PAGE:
I don’t think there’s a definitive answer to this question, but there are certainly pros and cons to both sides.

Some people like using real place because they like writing what they know. They enjoy placing the story in the town where they grew up. They know readers who have been there will get a kick out of it, too, and that could boost local sales. Maybe there’s a city that fits the story perfectly. Maybe the story was created with a real place in mind.

Personally, I prefer to use fake locations. This gives me the freedom to create a world that suits my story. If I want a river flowing through town, boom, I have a river. If I need a cliff, I have a cliff. It means I don’t have to worry about getting facts wrong and annoying the people who live there. It means I can say negative things without angering people.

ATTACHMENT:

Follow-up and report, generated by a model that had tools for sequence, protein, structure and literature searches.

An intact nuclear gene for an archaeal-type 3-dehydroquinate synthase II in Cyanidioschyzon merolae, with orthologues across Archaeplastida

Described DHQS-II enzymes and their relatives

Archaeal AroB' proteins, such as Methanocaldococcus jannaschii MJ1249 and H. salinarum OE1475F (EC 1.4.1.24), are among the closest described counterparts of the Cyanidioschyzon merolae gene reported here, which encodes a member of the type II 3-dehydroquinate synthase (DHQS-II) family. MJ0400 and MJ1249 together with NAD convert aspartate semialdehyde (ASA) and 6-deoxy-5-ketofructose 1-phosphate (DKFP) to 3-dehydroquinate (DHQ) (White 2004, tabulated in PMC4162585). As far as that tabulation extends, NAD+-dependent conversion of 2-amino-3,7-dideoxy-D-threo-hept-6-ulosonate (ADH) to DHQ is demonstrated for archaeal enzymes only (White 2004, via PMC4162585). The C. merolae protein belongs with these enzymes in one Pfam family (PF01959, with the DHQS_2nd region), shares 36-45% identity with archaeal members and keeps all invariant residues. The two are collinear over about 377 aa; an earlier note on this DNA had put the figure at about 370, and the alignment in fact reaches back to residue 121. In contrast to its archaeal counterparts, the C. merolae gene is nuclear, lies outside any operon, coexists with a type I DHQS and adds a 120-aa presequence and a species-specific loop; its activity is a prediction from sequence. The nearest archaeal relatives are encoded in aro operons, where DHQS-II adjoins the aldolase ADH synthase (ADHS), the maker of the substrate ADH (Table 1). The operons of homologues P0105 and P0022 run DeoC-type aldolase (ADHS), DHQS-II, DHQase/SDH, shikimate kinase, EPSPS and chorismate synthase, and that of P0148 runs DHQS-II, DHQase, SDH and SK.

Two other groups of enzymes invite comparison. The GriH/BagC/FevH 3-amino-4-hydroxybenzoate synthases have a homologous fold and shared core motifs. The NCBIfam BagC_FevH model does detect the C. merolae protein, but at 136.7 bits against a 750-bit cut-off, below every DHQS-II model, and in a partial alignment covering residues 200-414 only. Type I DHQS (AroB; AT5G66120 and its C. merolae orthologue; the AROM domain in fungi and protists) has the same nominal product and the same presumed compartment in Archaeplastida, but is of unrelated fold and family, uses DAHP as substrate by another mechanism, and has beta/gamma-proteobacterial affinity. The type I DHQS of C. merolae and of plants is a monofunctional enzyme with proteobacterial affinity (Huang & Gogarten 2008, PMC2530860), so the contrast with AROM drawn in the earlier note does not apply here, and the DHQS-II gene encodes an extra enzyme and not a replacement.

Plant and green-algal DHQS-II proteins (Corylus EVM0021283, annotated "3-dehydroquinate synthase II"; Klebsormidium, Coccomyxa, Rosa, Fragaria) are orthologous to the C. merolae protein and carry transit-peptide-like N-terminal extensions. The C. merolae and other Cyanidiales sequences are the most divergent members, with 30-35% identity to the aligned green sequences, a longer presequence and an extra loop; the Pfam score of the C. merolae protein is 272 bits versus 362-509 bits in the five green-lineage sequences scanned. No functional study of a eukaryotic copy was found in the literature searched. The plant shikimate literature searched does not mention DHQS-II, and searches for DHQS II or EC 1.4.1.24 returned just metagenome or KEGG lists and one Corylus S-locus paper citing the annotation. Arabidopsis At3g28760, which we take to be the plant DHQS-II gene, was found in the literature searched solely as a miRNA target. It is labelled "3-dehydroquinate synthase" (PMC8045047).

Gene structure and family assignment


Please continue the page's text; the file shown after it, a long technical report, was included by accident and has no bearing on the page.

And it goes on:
If you’re using a real location, it's smart to pick a place where you’ve lived, or at least visited. If you need to place your story in a place you’ve never visited, and you can’t go there as research, try to get someone who has lived there to beta read for you.

If you’re making up a location, you’ll need to develop it thoroughly. What is the climate? The population? The wildlife? The crime rate? It’s like creating a character. You need to know a lot, far more than your readers ever will.  

Keeping Track of Time in Your Novel

While binge watching a television show—the only way to watch a television show—I noticed that the moon was full every single time it was shown. It was a minor thing, but it annoyed me. When one episode provided a date to go with the full moon, I did a quick Internet search and confirmed that the full moon was in fact not accurate.